Norman Bailey

Year: 1980 - 1983
Position: Guard
Hometown: Hartford, CT

Norman Bailey was a Guard for the UConn Huskies from 1980 – 1983. In October, 2004, I had the opportunity to talk to Norman as he reflected on his childhood as an athlete, his time at UConn, and his basketball experiences in Europe.

Norman became interested in basketball when he was 8-10 years old. He has five brothers and seven sisters. Norman’s brothers all played high school sports, and he tagged along with them because they were his babysitters. He learned a lot watching from the sidelines, and began getting involved playing in the neighborhood, and with the Christian Youth Organization basketball teams. Norman grew up in the Blue Hills neighborhood of Hartford, CT, and played for St. Justin’s CYO team. As the years passed, Norman played against a lot of the same kids from the CYO teams as his high school team, and his college team.  He also spent much of his time playing at Kenney Park in Hartford, and that is where he honed his skills with and against many other street, high school, college and NBA legends.

Norman went to Northwest Catholic High School in West Hartford, Connecticut. It was a rebuilding time at NW, and he had the opportunity to start on the varsity team as a freshman. The team record that year was six wins and 12 losses. The coach, Charles Larson, was a disciplinarian who made sure the team was fundamentally sound and stressed playing as a team. The team went on to win its conference three years in a row, were in the State Finals once, and the Semi Finals another year. By Norman’s junior and senior year the team was very experienced, and Norman was being heavily recruited by about 350-400 colleges. John Thompson (former coach) from Georgetown University came to see Norman play, and went to his home to talk to Norman’s family. Everyone expected Norman to choose Georgetown. “I chose to go to UConn because at the time the Big East Conference was starting, and I just wanted to be a part of that. You know the idea of CT grown athletes competing together. Coming from a big family, and having the opportunity to be at home, and play in front of my family, and the idea of a whole bunch of guys from CT competing is what lured me to UConn.”

The transition going from high school to college wasn’t easy but Norman felt like he fit in well. Everyone needs to realize that everyone was a High School All American, an All Stater, an All Conference to make the transition a little easier.

As a freshman at UConn, Norman was the sixth man off the bench at the beginning of the season, and was starting by the end of the season. Some games he remembers well were beating Georgetown in McDonough Arena when Patrick Ewing was a freshman. A game against Syracuse when UConn beat Syracuse badly, and it was one of the first times UConn had beaten Syracuse. “One of my most memorable highlights of my UConn career was when ESPN first started. They had me on the highlight film for what they called the dunk of the year. I had a break away slam dunk against Villanova in my freshman year in the Old Field House.”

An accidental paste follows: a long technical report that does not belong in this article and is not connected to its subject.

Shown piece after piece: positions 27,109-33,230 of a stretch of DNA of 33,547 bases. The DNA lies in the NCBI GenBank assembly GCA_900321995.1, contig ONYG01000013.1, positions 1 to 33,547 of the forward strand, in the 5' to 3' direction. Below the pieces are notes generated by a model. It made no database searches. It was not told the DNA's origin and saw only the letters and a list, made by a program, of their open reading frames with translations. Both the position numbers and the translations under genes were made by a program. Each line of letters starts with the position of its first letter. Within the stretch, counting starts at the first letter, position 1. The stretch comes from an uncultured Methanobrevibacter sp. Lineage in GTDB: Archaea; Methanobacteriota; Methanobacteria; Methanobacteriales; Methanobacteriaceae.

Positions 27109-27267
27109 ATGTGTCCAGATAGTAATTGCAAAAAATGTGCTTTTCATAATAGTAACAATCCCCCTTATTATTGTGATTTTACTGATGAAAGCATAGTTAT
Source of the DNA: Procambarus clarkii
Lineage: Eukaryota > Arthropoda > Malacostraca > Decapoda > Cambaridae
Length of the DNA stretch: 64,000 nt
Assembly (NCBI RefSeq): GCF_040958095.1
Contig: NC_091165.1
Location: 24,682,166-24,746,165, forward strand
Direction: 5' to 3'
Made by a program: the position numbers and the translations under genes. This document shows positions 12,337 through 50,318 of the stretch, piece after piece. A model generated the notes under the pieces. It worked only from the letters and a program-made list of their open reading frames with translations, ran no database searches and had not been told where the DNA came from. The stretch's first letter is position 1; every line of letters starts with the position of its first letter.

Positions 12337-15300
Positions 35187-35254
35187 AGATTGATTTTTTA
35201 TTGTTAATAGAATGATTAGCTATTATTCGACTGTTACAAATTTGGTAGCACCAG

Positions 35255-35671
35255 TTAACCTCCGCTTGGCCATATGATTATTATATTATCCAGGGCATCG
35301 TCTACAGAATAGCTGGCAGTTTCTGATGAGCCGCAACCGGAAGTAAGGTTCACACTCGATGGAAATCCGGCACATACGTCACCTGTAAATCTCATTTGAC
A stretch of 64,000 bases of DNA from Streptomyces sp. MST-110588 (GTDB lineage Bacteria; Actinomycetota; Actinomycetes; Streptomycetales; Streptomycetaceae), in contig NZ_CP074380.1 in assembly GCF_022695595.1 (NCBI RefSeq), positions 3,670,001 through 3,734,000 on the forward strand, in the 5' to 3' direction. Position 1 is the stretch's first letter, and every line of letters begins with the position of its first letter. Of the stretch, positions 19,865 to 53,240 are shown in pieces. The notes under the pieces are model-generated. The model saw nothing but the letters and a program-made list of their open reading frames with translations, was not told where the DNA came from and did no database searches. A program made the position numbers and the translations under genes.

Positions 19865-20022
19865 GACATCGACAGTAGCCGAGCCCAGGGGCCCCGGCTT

Sadly for Norman he was academically ineligible to play his junior year at UConn. “That experience pretty much saved my life because that was the first time I dealt with adversity, and when I look back in retrospect, I really didn’t apply myself the way that I should have. It cost me my career.”

Norman left UConn-Storrs and tried taking classes at the West Hartford UConn Branch, but was unsuccessful, became depressed, tried working but was also unsuccessful. He began spending some time with a former alumni of Northwest Catholic, Jack Phelan, who was the head basketball coach at the University of Hartford. Jack knew a coach overseas looking for some players so Norman was soon on his way to Europe where he landed his first pro contract in Northern Ireland, and during the next six years he played in Ireland, Portugal and Spain.

While playing in Europe, Norman’s teams won a championship in Ireland, and two championships in Portugal. “I’m very competitive and we had some successful teams.” During this part of his career, Norman averaged 30-35 points per game, and had a lot of 40-point games.

After six years, Norman decided it was time to come back to the United States. He missed his family. He began working with “at risk” youth in the Hartford, CT juvenile detention center as a detention officer for seven years. He also spent some time working as a transportation officer for three years in Bridgeport and Hartford. Norman became a supervisor for Community Solutions, and ultimately ended up at CT Job Corp. For the past four years he has been a shift supervisor for multiple departments managing the day-to-day operations in the New Haven office.

Norman’s thoughts on changes in UConn basketball over the years is that UConn had joined the Big East Conference but the UConn administration was still a Yankee Conference mentality. “We got a lot of local talent back then, guys that came from the tri-state area where now they go out and recruit nationally, out west, people like Kevin Ollie from California and Emeka Okafor from Texas.”

Norman’s thoughts on the upcoming season: “They are going to be challenged every night, they have to bring their ‘A’ game. They are always going to be prepared and competitive. That’s just the staples of Jim Calhoun teams, and they’ll be fine.”

Norman is currently engaged to Mary Odum of New Haven.  They will be married in August and they reside in Hamden, CT. He has a daughter, Taniesha, 20 years old attending Savannah State University studying Business Administration. Three years ago his daughter Kristen Rose, passed away at age 10, as she had Down Syndrome and contracted pneumonia.

Norman still follows UConn basketball, attended 10-15 of their games this past year, and said it’s a pleasure to watch them.